The pandemic cost newsrooms jobs and communities’ critical work and eventually end entire newsrooms: Specifically, as Coronavirus ran rampant, more than 70 local newsrooms, including the long-established ones, closed across the country – even as they covered the most readable story in decades.
“As far as readers, we saw that skyrocket during the pandemic,” shared Emma Way, Editor at Axios Charlotte. However, “at the same time that revenue was falling, readers were spiking. It was kind of this dilemma that I’m sure a lot of news organizations faced.”
However, as previously mentioned, American newspaper industry had been struggling to stay afloat long before the pandemic. The total circulation of U.S. daily newspapers has been continuously declined since the 1970s. Whereas newspapers once reached more than 63 million Americans during their peak in 1973, since 2018, they reached only around 23 million people during weekdays and a slightly bigger 30 million people during Sundays.
“Even before the pandemic, many newsrooms were really struggling financially,” shared Penny Abernathy, the visiting professor at Northwestern University (Medill School of Journalism, Media, Integrated Marketing Communications) and a former executive with The New York Times and Wall Street Journal. “Unfortunately, most people who depend on newspapers hadn’t realized that at all. What they noticed was a diminishment of the local news that was relevant to them.”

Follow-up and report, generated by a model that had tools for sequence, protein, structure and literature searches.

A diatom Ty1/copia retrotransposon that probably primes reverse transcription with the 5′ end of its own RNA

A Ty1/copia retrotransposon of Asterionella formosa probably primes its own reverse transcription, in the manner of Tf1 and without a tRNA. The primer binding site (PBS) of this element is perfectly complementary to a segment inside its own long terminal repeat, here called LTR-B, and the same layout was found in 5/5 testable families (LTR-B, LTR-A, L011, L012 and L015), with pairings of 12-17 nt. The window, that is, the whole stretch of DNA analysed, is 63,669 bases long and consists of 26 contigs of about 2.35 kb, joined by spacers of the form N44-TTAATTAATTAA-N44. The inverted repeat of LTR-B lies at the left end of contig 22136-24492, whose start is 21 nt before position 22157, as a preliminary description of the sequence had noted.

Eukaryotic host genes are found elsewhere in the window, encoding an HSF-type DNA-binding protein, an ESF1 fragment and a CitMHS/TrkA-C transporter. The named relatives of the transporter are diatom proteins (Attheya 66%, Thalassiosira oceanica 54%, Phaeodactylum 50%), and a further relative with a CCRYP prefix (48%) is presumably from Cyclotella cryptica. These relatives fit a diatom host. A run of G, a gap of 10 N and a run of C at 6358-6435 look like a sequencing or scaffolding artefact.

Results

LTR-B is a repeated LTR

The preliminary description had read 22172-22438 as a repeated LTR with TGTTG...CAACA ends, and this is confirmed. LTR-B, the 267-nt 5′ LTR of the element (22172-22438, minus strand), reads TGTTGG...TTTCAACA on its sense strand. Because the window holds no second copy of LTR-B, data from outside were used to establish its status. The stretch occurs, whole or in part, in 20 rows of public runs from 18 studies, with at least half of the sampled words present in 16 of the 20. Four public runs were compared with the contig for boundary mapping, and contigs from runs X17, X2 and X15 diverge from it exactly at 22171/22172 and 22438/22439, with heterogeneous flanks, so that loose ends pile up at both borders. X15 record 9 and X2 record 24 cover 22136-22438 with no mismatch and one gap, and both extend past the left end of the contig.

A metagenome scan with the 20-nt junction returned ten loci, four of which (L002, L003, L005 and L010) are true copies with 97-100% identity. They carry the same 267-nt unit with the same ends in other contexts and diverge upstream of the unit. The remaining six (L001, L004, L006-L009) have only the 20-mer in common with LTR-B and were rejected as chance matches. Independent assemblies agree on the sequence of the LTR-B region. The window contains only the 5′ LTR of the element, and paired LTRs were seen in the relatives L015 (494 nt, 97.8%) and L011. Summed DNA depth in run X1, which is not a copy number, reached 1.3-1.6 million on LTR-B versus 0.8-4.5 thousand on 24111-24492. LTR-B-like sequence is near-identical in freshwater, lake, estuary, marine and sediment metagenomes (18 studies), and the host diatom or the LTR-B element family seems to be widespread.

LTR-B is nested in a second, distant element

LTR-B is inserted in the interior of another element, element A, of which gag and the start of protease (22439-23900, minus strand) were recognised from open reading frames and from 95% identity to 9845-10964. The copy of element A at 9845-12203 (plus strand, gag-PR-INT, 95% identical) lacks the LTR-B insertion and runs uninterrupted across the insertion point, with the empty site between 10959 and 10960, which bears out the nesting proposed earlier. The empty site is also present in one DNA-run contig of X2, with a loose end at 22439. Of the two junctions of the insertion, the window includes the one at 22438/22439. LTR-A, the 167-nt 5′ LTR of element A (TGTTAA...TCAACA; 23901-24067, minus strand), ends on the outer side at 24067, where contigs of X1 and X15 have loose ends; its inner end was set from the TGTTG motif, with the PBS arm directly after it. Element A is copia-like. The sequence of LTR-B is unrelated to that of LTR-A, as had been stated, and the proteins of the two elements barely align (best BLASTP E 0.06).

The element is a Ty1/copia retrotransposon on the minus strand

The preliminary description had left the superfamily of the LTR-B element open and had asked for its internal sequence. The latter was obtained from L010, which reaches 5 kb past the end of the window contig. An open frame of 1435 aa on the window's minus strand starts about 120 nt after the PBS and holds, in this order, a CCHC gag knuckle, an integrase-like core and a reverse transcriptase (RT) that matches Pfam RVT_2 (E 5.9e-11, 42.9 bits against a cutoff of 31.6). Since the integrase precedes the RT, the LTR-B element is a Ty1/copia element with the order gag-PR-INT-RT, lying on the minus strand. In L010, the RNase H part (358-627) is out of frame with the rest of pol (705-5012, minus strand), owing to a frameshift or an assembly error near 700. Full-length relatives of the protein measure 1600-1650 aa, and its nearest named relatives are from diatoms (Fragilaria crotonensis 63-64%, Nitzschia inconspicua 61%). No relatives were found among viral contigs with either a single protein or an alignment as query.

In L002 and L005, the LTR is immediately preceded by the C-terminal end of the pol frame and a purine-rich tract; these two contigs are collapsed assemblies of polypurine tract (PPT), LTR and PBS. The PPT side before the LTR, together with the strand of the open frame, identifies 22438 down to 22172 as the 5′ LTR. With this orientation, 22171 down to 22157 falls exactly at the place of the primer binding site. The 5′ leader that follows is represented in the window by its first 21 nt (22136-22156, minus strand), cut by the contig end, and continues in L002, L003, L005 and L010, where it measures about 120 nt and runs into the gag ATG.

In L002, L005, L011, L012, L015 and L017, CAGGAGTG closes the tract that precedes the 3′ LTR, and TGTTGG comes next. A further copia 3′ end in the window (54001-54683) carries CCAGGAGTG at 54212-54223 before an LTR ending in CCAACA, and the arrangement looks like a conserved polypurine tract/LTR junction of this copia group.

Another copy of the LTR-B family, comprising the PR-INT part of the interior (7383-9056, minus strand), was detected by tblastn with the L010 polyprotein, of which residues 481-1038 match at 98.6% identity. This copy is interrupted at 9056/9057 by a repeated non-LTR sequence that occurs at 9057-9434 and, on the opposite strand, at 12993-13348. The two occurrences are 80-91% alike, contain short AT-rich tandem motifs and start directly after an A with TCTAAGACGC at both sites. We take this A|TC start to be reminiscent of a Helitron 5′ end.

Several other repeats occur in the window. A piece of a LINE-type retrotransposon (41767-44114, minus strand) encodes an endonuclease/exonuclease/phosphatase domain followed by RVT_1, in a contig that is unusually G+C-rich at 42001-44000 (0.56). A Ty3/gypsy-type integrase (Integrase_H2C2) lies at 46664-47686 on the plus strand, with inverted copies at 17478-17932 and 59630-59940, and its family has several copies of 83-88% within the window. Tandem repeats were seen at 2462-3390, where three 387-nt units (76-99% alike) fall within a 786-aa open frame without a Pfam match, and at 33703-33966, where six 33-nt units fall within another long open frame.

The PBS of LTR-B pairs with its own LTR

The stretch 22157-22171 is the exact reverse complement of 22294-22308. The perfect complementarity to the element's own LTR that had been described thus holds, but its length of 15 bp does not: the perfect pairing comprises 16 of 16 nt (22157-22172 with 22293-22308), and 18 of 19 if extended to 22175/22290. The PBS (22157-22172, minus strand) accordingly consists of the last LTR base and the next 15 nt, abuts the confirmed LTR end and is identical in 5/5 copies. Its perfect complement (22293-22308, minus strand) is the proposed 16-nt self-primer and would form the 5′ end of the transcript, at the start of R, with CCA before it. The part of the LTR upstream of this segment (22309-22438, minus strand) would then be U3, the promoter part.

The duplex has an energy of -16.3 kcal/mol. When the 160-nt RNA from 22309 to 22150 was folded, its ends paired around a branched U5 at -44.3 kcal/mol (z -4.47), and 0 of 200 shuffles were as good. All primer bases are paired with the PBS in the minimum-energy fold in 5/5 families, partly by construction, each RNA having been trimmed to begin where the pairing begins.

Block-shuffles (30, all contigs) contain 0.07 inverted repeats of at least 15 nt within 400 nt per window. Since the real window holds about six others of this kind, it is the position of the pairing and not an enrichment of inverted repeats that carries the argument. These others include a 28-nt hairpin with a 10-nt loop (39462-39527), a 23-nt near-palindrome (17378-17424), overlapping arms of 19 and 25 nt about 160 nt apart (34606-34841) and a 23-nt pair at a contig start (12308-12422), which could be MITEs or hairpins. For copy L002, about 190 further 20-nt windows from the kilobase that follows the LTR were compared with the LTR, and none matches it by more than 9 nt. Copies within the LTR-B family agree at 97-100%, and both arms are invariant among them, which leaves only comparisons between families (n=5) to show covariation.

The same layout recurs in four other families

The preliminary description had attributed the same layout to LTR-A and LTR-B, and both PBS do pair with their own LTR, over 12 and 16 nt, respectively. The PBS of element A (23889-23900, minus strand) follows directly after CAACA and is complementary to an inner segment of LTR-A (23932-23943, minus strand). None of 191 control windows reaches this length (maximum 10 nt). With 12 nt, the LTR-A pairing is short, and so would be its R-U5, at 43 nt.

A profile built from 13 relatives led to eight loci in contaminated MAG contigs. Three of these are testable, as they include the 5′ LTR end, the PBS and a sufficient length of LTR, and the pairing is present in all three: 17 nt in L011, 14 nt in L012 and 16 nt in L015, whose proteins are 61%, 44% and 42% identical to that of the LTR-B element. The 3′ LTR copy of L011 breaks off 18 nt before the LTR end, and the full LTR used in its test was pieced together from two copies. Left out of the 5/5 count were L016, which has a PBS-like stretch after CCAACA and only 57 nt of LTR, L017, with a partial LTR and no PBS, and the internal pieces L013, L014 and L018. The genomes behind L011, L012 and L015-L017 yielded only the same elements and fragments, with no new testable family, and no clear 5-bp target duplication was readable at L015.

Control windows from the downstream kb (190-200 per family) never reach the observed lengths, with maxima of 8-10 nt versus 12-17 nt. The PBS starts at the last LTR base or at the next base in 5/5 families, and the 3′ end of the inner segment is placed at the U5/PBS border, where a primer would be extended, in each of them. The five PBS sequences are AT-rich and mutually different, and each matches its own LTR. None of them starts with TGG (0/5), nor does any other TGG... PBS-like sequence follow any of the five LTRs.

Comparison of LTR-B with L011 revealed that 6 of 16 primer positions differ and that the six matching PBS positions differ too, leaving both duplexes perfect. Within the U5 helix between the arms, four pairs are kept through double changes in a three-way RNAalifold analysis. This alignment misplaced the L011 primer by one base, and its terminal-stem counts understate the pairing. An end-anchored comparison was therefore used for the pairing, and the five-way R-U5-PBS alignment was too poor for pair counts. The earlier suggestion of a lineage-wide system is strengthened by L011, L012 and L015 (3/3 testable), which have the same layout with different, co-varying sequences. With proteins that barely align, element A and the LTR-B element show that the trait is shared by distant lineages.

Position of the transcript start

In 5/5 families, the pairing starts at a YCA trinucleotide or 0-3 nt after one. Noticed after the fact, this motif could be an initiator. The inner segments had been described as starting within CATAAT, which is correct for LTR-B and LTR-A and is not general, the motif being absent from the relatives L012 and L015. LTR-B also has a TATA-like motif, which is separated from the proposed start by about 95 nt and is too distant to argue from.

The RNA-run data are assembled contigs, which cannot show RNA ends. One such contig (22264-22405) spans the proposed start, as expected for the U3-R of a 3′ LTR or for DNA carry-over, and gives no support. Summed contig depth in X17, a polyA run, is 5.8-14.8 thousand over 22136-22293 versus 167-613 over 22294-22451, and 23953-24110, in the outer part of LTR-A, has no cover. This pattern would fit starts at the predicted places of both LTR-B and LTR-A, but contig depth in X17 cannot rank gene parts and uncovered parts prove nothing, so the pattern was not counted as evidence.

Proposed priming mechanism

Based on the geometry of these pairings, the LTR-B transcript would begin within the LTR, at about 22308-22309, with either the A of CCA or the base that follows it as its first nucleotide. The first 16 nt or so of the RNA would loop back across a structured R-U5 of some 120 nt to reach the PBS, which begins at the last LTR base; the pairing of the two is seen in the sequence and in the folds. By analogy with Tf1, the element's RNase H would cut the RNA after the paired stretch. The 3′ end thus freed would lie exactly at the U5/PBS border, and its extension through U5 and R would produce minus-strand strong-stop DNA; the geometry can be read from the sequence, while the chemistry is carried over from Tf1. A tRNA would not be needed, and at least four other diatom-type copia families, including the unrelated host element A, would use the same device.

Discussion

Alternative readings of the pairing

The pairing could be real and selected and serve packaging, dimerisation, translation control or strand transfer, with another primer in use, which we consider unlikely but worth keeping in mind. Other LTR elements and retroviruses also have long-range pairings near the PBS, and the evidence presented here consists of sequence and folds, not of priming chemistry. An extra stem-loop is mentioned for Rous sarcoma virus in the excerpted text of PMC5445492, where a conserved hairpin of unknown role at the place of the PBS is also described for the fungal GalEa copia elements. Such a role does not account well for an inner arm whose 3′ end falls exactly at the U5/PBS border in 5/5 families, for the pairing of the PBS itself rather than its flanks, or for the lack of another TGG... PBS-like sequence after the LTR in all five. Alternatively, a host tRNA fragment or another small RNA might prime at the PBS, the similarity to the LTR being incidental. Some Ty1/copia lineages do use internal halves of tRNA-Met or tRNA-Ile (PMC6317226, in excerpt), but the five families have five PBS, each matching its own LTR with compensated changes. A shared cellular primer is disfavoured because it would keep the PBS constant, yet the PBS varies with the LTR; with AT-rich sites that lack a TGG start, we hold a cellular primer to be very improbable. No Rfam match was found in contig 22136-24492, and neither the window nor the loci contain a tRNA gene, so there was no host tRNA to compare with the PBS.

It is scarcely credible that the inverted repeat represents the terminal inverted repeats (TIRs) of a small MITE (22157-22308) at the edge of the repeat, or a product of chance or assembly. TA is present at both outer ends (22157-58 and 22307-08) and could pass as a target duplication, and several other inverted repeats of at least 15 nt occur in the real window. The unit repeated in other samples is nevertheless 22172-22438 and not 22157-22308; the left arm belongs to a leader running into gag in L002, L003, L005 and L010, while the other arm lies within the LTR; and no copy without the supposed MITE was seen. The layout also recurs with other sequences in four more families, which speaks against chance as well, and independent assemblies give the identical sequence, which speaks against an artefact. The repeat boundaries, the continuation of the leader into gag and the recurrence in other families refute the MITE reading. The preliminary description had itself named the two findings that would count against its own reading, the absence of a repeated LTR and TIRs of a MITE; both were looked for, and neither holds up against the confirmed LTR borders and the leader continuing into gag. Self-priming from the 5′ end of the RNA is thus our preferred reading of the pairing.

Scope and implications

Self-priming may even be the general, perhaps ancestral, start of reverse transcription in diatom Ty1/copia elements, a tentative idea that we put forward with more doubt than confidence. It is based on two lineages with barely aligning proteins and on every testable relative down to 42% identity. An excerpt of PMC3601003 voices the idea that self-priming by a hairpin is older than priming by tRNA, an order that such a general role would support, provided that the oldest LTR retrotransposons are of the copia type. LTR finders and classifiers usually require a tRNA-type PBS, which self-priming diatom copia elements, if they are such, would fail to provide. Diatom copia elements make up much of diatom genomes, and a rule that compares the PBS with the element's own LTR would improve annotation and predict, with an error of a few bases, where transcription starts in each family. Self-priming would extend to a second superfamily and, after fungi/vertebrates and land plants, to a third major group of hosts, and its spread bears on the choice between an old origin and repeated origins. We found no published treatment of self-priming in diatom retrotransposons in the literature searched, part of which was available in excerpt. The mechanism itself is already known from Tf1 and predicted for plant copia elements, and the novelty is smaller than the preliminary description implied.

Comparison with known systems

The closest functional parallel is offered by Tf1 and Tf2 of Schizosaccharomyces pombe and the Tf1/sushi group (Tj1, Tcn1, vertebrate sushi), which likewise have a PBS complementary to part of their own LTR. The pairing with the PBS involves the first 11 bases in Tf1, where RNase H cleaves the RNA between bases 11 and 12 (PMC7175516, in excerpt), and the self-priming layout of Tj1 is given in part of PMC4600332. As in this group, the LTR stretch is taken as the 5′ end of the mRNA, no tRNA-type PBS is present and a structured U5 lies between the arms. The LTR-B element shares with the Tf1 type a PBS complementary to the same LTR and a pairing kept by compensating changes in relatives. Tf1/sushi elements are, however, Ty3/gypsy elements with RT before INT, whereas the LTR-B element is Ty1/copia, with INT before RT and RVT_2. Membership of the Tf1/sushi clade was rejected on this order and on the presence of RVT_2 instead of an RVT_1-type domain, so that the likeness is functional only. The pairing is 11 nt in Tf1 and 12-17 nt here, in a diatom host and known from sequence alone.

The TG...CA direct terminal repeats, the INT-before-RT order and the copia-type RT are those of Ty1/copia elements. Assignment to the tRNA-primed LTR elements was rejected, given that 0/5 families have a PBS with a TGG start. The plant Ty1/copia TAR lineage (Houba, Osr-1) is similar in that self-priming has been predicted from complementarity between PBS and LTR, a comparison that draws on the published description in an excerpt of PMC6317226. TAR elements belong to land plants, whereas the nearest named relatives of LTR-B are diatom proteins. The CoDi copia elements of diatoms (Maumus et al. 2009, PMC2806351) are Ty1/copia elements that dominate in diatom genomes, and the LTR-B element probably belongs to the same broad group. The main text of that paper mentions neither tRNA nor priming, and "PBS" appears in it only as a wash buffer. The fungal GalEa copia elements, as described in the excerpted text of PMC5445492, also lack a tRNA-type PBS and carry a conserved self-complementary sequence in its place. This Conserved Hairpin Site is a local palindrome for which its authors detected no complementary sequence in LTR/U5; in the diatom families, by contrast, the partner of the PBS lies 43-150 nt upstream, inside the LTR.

She further informed, “As a result of that, we’ve lost a fourth of our newspapers in the U.S. since 2005. That’s 2,100 newspapers, most of those have been in small communities. So, when you lose a local newspaper in a small or mid-sized community, you’re losing the person that shows up to cover the local school board or to cover the county commissioner or to give you the information during a COVID-19 crisis – how many people are infected and whether it’s even safe to go to the local grocery store.”